While a semiconductor laser device of the mold-type having a rectangular sealing resin layer 11 has been described, the semiconductor laser device may be variously modified if the uncovered surface 20b of the lead frame is fixed in place. For example, a semicircular sealing resin layer may be used for the sealing resin layer 11. In modifications of the laser device illustrated in FIGS. 18 and 22, the sealing resin layer 11 covered only the laser diode element 1 and the photo diode 23, and the neighboring region. The laser device of FIG. 22 is bonded to a fixing board 35 by adhesive at a surface of the lead frame not covered with the sealing resin layer. A practical embodiment of the laser device of FIG. 22 is illustrated in perspective in FIG. 23.

A possible way of affixing the laser device to the fixing board is to bond an exposed surface of the lead frame to the fixing board. Additional examples of ways to fix the laser device to the fixing board will be described with reference to FIGS. 19A to FIG. 19E.

In FIG. 19A, the sealing resin layer 11 covering the laser diode element 1 and the photo diode 23, which are mounted on the lead frame 20, has a width equal to that of the lead frame 20. The uncovered surface 20b of the lead frame 20 is bonded to the fixing board 35 by adhesive 33.

To increase the bonding surface, the width of the lead frame 20 is made larger than the width of the sealing resin layer 11, as shown in FIG. 19B.

In FIG. 19C, the same laser device of FIG. 19B is fixed to the fixing board 35 by adhesive and fixing jigs 33a.

In Pig. 19D, the portion of the lead frame not covered with the sealing resin layer 11 is bonded to the fixing board 35 by adhesive 33.

In FIG. 19E, the same laser device as in FIG. 19B or 19C is captured in a recess of the fixing board 35.

In these fixing apparatus, the lead frame 20 and the fixing board 35 are made of material of good thermal conductivity. Thus heat generated by laser operation can be readily transferred to the fixing board 35 at low thermal resistance, thereby providing good heat dissipation. Accordingly, temperature rise of the sealing resin layer 11 is reduced, and thus displacement of the light emitting point is further reduced.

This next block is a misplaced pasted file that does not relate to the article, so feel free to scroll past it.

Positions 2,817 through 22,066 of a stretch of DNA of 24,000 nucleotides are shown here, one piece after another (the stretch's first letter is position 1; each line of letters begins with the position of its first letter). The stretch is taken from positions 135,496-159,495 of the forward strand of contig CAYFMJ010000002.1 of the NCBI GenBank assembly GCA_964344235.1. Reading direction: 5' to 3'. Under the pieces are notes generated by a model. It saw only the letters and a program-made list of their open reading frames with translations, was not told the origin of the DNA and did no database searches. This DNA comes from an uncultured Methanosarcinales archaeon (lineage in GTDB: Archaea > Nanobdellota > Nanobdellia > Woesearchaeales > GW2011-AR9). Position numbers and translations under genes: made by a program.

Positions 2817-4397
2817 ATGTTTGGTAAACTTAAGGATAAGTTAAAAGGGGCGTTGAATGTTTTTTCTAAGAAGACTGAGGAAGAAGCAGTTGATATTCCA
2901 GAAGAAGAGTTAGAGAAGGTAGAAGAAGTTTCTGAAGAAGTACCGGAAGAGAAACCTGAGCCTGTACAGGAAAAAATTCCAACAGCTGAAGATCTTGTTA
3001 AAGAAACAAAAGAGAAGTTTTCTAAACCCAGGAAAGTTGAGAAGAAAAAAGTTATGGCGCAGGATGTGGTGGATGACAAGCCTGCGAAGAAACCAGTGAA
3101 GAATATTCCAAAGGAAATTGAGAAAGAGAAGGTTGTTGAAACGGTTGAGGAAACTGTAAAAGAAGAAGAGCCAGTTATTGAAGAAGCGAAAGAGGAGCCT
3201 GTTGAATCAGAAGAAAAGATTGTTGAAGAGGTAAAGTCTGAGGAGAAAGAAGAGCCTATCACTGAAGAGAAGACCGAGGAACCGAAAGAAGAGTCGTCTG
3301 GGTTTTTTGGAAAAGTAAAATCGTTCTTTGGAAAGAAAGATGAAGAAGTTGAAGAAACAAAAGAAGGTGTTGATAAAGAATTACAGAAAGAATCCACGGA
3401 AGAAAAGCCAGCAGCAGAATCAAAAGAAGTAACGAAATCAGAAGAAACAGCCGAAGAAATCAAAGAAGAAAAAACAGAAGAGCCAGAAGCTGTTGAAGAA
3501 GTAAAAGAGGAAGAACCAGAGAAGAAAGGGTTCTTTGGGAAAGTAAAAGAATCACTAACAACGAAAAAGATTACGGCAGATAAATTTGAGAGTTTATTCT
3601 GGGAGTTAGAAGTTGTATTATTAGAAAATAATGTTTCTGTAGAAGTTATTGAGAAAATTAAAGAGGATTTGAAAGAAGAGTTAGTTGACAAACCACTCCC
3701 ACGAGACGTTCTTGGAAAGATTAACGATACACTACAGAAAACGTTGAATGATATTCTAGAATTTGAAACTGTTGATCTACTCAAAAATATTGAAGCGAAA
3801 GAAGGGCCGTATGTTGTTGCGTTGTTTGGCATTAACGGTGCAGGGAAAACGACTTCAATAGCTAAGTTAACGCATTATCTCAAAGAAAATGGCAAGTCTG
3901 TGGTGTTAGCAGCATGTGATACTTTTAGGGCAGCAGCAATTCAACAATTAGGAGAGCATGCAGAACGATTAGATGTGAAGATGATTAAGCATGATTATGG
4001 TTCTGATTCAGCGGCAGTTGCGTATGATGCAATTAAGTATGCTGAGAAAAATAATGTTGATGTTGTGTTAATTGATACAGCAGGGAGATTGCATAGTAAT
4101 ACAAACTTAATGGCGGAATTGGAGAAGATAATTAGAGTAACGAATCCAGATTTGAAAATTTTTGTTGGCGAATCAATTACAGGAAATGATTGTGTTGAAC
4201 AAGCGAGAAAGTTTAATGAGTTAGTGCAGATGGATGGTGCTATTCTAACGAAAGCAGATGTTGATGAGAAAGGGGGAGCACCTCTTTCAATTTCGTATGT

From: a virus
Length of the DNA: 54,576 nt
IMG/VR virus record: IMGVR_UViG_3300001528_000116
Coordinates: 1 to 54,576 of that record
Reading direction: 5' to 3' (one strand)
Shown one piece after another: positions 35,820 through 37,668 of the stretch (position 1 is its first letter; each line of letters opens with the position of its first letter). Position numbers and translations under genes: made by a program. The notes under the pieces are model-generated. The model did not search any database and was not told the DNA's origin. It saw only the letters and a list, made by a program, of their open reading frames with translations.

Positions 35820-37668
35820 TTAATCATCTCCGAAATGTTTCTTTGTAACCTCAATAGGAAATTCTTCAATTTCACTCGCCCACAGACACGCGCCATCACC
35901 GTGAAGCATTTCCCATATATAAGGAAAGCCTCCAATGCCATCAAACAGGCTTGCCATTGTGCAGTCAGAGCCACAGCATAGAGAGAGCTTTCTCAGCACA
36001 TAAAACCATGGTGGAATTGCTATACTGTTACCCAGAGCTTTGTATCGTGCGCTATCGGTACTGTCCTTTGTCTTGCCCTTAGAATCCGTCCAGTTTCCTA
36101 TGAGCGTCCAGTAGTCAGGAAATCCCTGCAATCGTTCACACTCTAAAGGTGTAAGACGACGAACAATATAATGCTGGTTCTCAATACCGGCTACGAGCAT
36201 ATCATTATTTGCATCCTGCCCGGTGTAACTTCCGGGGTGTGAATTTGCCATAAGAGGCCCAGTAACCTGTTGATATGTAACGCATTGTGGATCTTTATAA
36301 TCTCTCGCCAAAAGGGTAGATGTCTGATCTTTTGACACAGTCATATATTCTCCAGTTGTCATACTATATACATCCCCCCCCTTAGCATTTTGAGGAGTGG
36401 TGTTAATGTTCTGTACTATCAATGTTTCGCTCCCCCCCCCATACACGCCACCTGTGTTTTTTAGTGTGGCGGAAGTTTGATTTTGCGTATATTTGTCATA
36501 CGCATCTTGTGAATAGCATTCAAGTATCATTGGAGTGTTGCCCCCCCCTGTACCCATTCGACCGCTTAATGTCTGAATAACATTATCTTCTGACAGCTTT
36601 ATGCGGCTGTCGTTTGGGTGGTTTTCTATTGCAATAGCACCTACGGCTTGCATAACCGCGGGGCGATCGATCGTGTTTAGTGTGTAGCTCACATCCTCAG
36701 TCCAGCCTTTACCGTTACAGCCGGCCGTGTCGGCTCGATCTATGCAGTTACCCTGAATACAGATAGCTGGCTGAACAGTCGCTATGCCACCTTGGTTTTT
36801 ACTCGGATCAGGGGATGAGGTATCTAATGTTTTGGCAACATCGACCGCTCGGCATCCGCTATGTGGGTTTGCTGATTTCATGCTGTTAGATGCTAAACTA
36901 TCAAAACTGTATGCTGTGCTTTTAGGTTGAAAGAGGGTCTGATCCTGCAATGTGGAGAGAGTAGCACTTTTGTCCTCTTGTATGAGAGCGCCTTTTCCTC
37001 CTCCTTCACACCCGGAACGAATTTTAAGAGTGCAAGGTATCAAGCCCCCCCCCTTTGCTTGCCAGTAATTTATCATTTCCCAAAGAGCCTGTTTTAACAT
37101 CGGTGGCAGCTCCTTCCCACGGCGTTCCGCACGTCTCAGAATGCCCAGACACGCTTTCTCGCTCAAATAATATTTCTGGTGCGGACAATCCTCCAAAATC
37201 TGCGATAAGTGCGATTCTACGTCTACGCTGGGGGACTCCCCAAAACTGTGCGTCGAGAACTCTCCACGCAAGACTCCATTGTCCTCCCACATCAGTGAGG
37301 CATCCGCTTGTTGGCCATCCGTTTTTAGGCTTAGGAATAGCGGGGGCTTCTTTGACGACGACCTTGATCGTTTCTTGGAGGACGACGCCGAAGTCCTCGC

A semiconductor laser device according to a third embodiment of the present invention will be described with reference to FIGS. 20A, 20B, 21A and 21B. The semiconductor laser device of this third embodiment is also of the mold-type.

As shown in FIGS. 20A and 20B, a laser diode element 1 having end-face destruction preventing layers is secured to a lead frame 20 by way of an interposed photo diode 23. Again, the lead frame 20 mechanically supports and electrically controls the laser diode element 1 and the photo diode. 23. The assembly of those elements is covered with a sealing resin layer 11.

In this third embodiment, two fixing through-holes 30 are formed in the lead frame. As best illustrated in FIG. 20B, those through-holes 30 are located on opposite sides of the sealing resin layer 11 covering the assembly.

Two examples of mounting semiconductor laser board devices to a fixing board are illustrated in FIGS. 21A and 21B. In those examples, bolts 32 are used to affix the lead frame 20 to the fixing board 35. Material of relatively low thermal expansion coefficient and good thermal conductivity, such as solder and resin, may be used in place of bolts.

The displacement of the light emitting point in the semiconductor laser device of this embodiment was measured under substantially the same conditions as those in the first embodiment. The displacement quantities measured were comparable those plotted in FIG. 2.

The semiconductor laser device illustrated in the third embodiment includes a rectangular sealing resin layer 11. However, the sealing resin layer 11 may take other shapes, such as an asymmetrical shape, if the lead frame 20 has through-holes 30 for fixing the laser device to the fixing board 35.